Drug users could be prescribed heroin in new plans announced by the West Midlands Police and Crime Commissioner.
David Jamieson wants to tackle the costs of drugs to public services, reduce drug-related crime and to lower the number of drug-related deaths in the region.
Under the proposals, heroin users would be offered the drug in a medical setting and would only be given to those who had not responded to other forms of treatment.
Jamieson claims this would take the market away from organised criminals and stop people stealing to fund their addiction.
Other parts of the proposals include:
Establishing a formal scheme to divert those suffering from addiction into treatment and away from the courts.
Joining up police, community safety and public health funding streams to increase efficiency and improve outcomes for those suffering from addiction.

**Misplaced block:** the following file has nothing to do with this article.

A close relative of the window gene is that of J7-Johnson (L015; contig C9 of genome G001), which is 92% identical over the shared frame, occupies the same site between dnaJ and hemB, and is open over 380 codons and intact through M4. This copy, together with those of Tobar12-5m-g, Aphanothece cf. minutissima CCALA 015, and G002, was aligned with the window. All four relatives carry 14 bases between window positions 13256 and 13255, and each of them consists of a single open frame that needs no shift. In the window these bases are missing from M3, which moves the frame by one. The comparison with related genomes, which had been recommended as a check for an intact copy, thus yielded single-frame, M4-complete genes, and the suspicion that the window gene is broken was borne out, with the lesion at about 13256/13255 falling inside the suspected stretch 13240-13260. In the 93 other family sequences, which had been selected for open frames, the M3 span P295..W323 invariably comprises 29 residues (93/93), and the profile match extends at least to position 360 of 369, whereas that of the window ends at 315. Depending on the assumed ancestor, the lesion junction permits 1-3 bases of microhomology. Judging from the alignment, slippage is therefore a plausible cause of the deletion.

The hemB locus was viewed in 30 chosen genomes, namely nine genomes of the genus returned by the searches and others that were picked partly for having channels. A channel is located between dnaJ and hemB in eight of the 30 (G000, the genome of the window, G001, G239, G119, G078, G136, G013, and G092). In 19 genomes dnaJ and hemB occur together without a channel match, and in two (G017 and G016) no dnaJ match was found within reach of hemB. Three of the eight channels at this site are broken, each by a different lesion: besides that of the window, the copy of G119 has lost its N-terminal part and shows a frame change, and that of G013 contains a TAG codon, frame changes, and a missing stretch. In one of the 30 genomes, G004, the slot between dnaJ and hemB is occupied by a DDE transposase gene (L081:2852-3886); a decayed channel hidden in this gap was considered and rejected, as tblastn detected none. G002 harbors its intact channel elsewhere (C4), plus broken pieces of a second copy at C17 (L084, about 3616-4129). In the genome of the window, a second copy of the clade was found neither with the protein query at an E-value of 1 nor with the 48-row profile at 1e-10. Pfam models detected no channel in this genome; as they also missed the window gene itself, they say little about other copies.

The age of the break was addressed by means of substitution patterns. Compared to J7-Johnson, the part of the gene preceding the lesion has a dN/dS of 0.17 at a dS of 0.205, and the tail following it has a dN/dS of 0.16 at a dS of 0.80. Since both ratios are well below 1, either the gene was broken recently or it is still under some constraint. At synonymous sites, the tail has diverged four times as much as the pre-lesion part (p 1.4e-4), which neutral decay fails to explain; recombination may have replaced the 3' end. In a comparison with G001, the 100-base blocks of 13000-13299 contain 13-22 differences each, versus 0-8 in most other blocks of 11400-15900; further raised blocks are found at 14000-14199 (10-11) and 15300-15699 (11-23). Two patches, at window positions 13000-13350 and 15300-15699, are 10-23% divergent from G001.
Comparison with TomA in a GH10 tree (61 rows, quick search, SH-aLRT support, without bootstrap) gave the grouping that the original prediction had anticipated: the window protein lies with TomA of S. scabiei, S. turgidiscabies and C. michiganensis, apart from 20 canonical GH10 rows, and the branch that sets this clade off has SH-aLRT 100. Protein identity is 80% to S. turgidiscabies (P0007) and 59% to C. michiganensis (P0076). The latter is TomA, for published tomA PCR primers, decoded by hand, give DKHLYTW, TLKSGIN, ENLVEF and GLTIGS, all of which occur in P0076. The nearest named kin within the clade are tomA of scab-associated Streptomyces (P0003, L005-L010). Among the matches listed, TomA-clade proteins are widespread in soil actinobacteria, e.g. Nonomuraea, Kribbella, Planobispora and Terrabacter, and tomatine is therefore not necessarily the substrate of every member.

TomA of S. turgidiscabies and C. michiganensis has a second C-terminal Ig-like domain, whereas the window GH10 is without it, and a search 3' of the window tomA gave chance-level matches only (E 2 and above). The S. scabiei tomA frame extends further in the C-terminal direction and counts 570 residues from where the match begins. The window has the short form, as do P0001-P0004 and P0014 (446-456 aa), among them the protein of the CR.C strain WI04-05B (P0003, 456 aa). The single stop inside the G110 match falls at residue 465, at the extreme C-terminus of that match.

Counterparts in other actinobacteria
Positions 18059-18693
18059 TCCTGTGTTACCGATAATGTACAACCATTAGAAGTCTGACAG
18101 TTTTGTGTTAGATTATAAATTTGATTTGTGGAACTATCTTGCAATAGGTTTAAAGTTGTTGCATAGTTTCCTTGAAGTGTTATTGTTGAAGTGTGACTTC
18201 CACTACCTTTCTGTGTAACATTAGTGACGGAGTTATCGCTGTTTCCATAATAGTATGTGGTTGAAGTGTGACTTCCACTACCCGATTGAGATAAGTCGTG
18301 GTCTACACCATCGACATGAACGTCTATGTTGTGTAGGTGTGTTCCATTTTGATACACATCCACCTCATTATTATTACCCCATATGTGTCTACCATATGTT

Equipping and training police officers in the application of naloxone - a medication that can be used to help those overdosing.
Establishing a Drug Early Warning Programme, to make the public, outreach workers and medical professionals aware of the impact of emerging drugs. The aim is to reduce the number of deaths.
Ensuring more money is seized from large-scale organised criminal gangs, profiting from the misery of the drugs trade. The extra money will be invested in drug treatment programmes.
The proposals come after a report published by the Commissioner estimates the cost of substance misuse in the West Midlands to be £1.4 billion every year.
The same report also suggests that half of all burglary, theft, shoplifting and robbery is committed by people suffering from serious addiction to drugs including heroin and crack cocaine.
The same drugs are thought to be responsible for one death every three days in the region.
Speaking about the new proposals, Jamieson said: